If you were unfortunate enough to miss last year’s inaugural Vancouver Wrecking Ball at the Stanley, ask anyone who was there how awesome it was and then stand back and watch them explode with volcanic enthusiasm. It was a clear and resounding proclamation that a group of impassioned artists joined together can generate serious shock waves. I walked out onto Granville Street feeling a part of something important, part of a movement, and I am thrilled that we’re hosting another one again this year.
Titled “Wrecking Ball to Tackle Draconian Cuts to the Arts: Canada’s Leading Theatre Artists Take On the BC government from Coast to Coast”, our Ball is the fourth this November after Toronto, Montreal and Ottawa (which drops tomorrow, November 16). Here’s some copy from the Facebook Page:
Vancouver’s Wrecking Ball features some of Canada’s most nationally and internationally recognized actors and directors, including multiple award-winning actor/playwrights Daniel MacIvor (House, Twitch City) and Linda Griffiths (Maggie and Pierre), Leacock-winning writer Mark Leiren Young, and Alcan Award winner Carmen Aguirre. Original member of the Nylons and BC Walk of Fame member Denis Simpson will host.
Margaret Atwood asks, “What is it that power-hungry politicians want from BC artists? Control over the story through the annihilation of the former story-tellers? Is this the agenda behind the decapitation of arts funding in British Columbia, while mega-millions are poured into the Olympics? The BC arts community will retaliate, of course. Over the past 50 years they’ve put BC on the map.”
“It won’t just be a protest,” adds Wrecking Ball Spokesperson Adrienne Wong. “It’ll be a night to laugh and celebrate what we know – that British Columbians care about culture.
Power to the people. Hope to see you there.
Eye Heart Productions, the company behind the presentation of the Jeff Hyslop directed Good Boys and True up now at the Firehall, would like to give away a pair of tickets to a lucky reader of The Next Stage.
All you have to do to win is drop a comment below answering the following skill-testing question:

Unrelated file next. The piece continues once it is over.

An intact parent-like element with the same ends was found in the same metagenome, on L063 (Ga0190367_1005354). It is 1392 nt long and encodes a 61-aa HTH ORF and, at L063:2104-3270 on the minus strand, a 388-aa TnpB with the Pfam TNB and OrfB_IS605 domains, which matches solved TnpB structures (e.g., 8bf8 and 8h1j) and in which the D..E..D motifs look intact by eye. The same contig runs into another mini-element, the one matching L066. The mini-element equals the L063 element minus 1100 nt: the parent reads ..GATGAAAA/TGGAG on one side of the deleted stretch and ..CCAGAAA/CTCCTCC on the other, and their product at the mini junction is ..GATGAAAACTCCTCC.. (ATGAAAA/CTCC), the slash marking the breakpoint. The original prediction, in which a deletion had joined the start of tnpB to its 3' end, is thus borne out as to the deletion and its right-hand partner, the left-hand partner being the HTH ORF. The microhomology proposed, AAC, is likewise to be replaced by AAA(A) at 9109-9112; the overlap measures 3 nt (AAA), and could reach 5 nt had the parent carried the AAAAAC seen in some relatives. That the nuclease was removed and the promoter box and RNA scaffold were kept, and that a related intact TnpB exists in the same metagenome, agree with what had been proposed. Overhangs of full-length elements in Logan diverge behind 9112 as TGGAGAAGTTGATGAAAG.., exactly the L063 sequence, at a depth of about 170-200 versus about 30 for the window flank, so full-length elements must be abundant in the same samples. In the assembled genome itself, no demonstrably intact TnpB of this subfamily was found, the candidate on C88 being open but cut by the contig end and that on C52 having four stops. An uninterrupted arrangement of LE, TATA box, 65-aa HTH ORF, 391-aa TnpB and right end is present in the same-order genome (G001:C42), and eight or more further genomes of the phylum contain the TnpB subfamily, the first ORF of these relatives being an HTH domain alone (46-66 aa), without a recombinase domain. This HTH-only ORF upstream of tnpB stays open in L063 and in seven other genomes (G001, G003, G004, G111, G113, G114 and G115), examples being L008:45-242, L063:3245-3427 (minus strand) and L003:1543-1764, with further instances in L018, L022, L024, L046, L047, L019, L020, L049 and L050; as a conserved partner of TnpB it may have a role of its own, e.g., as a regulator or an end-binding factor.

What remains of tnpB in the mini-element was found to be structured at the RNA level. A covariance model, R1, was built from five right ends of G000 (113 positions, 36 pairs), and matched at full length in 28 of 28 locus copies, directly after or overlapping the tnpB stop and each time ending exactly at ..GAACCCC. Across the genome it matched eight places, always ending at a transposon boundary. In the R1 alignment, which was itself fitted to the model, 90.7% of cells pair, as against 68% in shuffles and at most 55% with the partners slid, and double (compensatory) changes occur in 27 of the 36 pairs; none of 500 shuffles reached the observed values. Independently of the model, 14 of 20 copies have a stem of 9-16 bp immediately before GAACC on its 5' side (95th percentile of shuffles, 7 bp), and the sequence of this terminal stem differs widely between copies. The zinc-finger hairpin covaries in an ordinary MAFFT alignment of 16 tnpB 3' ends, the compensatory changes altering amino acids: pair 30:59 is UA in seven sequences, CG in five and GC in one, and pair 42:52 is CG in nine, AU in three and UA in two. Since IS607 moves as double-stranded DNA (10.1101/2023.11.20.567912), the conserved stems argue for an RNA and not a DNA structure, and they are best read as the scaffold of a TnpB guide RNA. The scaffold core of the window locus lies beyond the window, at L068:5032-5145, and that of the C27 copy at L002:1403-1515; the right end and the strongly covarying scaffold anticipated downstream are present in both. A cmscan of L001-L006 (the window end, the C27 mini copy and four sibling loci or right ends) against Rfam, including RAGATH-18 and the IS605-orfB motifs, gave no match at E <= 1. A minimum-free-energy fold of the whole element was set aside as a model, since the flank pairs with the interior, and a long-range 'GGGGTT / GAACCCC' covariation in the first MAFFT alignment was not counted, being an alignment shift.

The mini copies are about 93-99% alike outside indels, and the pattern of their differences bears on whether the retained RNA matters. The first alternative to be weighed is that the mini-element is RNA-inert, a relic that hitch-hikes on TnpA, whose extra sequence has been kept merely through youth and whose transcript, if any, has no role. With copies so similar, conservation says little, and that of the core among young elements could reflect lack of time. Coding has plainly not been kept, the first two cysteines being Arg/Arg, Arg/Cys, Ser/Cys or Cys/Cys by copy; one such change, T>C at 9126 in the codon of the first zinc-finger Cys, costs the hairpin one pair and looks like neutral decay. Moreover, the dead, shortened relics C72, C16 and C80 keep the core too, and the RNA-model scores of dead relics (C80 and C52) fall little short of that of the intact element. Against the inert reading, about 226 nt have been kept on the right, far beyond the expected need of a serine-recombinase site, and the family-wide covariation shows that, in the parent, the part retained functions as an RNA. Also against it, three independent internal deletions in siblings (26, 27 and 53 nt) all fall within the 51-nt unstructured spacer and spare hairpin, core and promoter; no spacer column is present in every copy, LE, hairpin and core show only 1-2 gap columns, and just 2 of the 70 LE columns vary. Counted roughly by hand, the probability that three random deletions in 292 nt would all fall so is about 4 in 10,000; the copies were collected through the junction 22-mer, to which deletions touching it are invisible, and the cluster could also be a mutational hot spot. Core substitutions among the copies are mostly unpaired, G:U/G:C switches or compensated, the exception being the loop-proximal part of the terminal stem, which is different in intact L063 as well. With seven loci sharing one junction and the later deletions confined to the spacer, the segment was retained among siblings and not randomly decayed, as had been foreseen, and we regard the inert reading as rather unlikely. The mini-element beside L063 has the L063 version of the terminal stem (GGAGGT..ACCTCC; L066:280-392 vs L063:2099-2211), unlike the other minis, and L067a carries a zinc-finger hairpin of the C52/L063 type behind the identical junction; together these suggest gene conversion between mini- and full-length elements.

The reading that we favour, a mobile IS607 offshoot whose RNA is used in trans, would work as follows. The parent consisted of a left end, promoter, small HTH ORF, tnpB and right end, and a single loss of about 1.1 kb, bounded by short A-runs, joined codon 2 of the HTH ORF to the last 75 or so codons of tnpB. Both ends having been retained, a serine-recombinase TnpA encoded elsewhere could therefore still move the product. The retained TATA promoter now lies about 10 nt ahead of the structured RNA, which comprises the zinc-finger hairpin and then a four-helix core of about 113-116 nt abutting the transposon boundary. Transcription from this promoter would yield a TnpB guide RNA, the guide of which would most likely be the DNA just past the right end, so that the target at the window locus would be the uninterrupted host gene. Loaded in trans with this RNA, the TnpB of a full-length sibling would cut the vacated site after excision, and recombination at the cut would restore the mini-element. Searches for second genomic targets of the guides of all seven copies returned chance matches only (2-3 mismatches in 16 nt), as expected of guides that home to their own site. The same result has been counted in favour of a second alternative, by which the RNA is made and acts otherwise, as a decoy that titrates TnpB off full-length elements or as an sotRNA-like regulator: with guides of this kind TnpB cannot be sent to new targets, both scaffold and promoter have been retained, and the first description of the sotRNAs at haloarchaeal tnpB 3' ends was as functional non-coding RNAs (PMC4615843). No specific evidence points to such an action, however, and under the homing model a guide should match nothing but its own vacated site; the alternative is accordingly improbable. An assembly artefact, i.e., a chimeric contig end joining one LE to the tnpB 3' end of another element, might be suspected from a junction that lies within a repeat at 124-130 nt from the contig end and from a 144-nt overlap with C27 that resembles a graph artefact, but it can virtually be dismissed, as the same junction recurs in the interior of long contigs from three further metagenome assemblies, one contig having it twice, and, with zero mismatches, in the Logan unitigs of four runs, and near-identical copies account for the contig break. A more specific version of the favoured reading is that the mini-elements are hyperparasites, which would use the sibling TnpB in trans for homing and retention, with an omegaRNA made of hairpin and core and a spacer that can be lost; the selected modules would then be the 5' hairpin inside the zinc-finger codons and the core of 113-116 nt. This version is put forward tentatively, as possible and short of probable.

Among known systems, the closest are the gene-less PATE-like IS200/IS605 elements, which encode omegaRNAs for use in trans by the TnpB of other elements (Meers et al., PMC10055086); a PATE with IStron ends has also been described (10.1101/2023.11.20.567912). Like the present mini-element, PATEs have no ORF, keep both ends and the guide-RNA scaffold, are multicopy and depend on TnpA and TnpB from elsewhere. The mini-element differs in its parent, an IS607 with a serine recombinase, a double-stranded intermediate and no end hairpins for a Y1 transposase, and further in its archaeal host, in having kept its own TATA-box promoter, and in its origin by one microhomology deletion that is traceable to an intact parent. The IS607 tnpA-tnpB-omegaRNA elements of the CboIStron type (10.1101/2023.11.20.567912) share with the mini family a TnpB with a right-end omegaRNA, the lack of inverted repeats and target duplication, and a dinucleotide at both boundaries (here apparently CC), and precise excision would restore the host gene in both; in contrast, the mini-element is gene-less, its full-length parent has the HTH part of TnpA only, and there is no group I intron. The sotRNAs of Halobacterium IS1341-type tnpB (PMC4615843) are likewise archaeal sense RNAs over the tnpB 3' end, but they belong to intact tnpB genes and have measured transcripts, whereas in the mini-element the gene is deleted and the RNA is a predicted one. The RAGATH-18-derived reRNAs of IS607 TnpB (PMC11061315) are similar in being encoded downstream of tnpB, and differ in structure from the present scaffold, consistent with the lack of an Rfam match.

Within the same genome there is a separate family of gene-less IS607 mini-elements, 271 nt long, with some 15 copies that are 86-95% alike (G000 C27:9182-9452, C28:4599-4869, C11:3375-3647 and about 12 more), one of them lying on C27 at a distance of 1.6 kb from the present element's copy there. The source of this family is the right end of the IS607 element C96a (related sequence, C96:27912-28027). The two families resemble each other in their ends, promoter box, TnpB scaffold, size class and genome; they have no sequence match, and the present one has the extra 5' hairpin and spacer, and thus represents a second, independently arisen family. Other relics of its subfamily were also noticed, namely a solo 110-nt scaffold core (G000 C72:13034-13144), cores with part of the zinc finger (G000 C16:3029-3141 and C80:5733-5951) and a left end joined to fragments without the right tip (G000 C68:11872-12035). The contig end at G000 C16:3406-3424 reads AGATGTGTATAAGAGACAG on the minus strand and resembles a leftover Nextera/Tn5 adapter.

What is Jeff Hyslop’s home town?
The free tickets will be for your choice of tonight’s show at 8:00, Saturday’s 2:00 matinee, or Saturday night at 8:00.
The Playwrights Theatre Centre‘s annual new works festival is in full swing, with 3 days of staged readings left in the line-up:
Thursday June 11 – Stroke by Marie Leofeli Barlizo, director: Martin Kinch
A Filipino-Canadian family wrestles with its past when a traumatic event stirs up family secrets. A father and daughter, connected by their profession, but divided by years of emotional neglect, navigate the uncertain waters of memory and need.
Friday June 12 – Tear by Jason Maghanoy, director: Heidi Taylor
While fulfilling his duty to have his Grandfather’s tombstone made, a young boy is plunged into a world of new experiences. A Filipino homecoming for a Canadian boy.
Saturday June 13 – Herr Beckmann’s People by Sally Stubbs, director: Katrina Dunn, dramaturg: Martin Kinch
In 1970’s West Germany, secrets from the Second World War have driven a family apart. Prodigal daughter Anna forces her family to answer tough questions about their past, and in return is faced with moral dilemmas of her own.
All tickets are $10, $5 concession rate. Reservations recommended, and accepted after May 15 by phone: 604-685-6228 ext. 106.
The previous new works in the festival were Nigeria by Martin Gover, directed by Heidi Taylor and Medicine Boy by Waawaate Fobister, directed by Aiyyana Maracle. Fobister recently receive an amazing eight nominations at the upcoming Dora Awards, the Toronto version of our Jessies.
I had seen Sally Stubbs’ play Wreckage at the PTC a couple of years ago, and she has a marvelous and decidedly local voice. We are proud to be featuring an interview with Sally in an upcoming post, check back soon to read her take on her industry and craft.
The New Play Festival is not only an intimate look into the process of the creation of new Canadian theatre, but a great way to encourage our community to support local writing. And a great ignition switch for discussion.
Best. Spam. Ever. I have no idea how this ended up on my little blog, but it’s wonderful. From the comments section to this post, from Marinkina:
1 п. “Не имей сто друзей, а имей сто шекелей” тоже хорошо рифмуется :)
8 п. Ты никогда не потеряешь работу. Когда закончатся фотографии можно размещать рисунки (да хоть бы и конкурс объявить на лучший рисунок Одри (-:), аппликации и фотографии поделок из пластилина…
9 п. Сто пудов ! :)
Shortly thereafter, Jack the Bear dropped this below it:
A web translation of the above:
1 item “have no hundred friends, and have hundred shekels” too it is well rhymed:)
8 items You never will lose work. When photos will end it is possible to place drawings (at least competition to declare(announce) on the best drawing of Odri (-:), applications and photos of hand-made articles from plasticine …
9 items of Hundred poods!:)
I’m so glad I did that!
Ain’t the internet wonderful?